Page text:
By Borge Endresen, CFA, Senior Portfolio Manager
Interest rates are rising, and the commodities complex has softened, which, although beneficial for commodities importers such as Turkey, India and China, is clearly negative for the region as a whole. Revised earnings expectations continue to be a headwind, although the pace of earnings downgrades has slowed considerably since the middle of 2013. In addition, weakening currencies aggravate inflation, which complicates the scenario for the central banks of these countries.
Given the dominance of negative headlines these days, I think it is important to remind ourselves of the positive elements - and opportunities - in emerging markets.
- Emerging markets are experiencing far greater policy uncertainty than developed markets at this time. But it's important to remember that stocks were weakest during times of significant policy uncertainty in developed markets - for example, the U.S. in 2009 and Europe in 2011, which, in hindsight, were clearly great buying opportunities.
- Returns on equity (ROE), a good indicator of quality, remain higher in emerging markets than they are in developed markets (although emerging markets ROE is currently trending down).
- Earnings expectations appear to be stabilizing and valuation levels look far more attractive for long-term investors.
- With emerging markets awash in negatives, investors may have lost sight of this opportunity: 90% of the world's middle class will be in emerging markets by 2030, according to the World Bank. It is simply too large a piece of the global economic pie to simplistically avoid. Most of the reasons the investor community got excited about emerging markets a decade ago still hold today.
Over the long term, we believe the best predictor of future equity returns is the valuation paid today, as investors tend to make more money when they buy low and sell high. Emerging markets currently offer very low valuations, and we believe long-term investors should not forget this positive indicator among the negative headlines.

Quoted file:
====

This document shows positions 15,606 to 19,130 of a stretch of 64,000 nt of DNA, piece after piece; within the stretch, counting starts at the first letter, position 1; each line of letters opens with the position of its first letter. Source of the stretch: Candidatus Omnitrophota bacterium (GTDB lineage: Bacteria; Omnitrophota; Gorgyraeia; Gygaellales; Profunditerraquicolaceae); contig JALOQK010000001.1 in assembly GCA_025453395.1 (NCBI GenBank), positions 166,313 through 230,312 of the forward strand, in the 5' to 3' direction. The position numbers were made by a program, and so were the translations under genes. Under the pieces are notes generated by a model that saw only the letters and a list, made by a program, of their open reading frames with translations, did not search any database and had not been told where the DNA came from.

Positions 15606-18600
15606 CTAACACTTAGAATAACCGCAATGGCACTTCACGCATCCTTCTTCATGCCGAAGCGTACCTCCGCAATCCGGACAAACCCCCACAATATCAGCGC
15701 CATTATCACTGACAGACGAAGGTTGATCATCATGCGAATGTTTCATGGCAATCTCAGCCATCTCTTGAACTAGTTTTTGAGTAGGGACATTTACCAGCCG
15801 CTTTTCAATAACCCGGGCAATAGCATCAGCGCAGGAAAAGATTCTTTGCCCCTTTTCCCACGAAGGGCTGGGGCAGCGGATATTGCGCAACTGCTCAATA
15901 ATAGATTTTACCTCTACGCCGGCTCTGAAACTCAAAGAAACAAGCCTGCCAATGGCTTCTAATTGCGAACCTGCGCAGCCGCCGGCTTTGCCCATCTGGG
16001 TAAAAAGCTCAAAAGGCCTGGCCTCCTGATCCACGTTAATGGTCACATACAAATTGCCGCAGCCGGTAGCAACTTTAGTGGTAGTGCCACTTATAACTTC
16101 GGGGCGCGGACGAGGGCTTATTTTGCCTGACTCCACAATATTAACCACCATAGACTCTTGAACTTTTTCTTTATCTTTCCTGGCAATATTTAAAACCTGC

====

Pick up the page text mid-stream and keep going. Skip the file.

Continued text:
Return on equity (ROE) is the amount of net income returned as a percentage of shareholder equity. In general, stock and other equity securities values fluctuate in response to activities specific to the company as well as general market, economic and political conditions. The risks of investing in securities of foreign issuers, including emerging market issuers, can include fluctuations in foreign currencies, political and economic instability, and foreign taxation issues. An investment in emerging market countries carries greater risks compared to more developed economies. Commodities may subject an investor to greater volatility than traditional securities such as stocks and bonds and can fluctuate significantly based on weather, political, tax, and other regulatory and market developments. Interest rate risk refers to the risk that bond prices generally fall as interest rates rise and vice versa.
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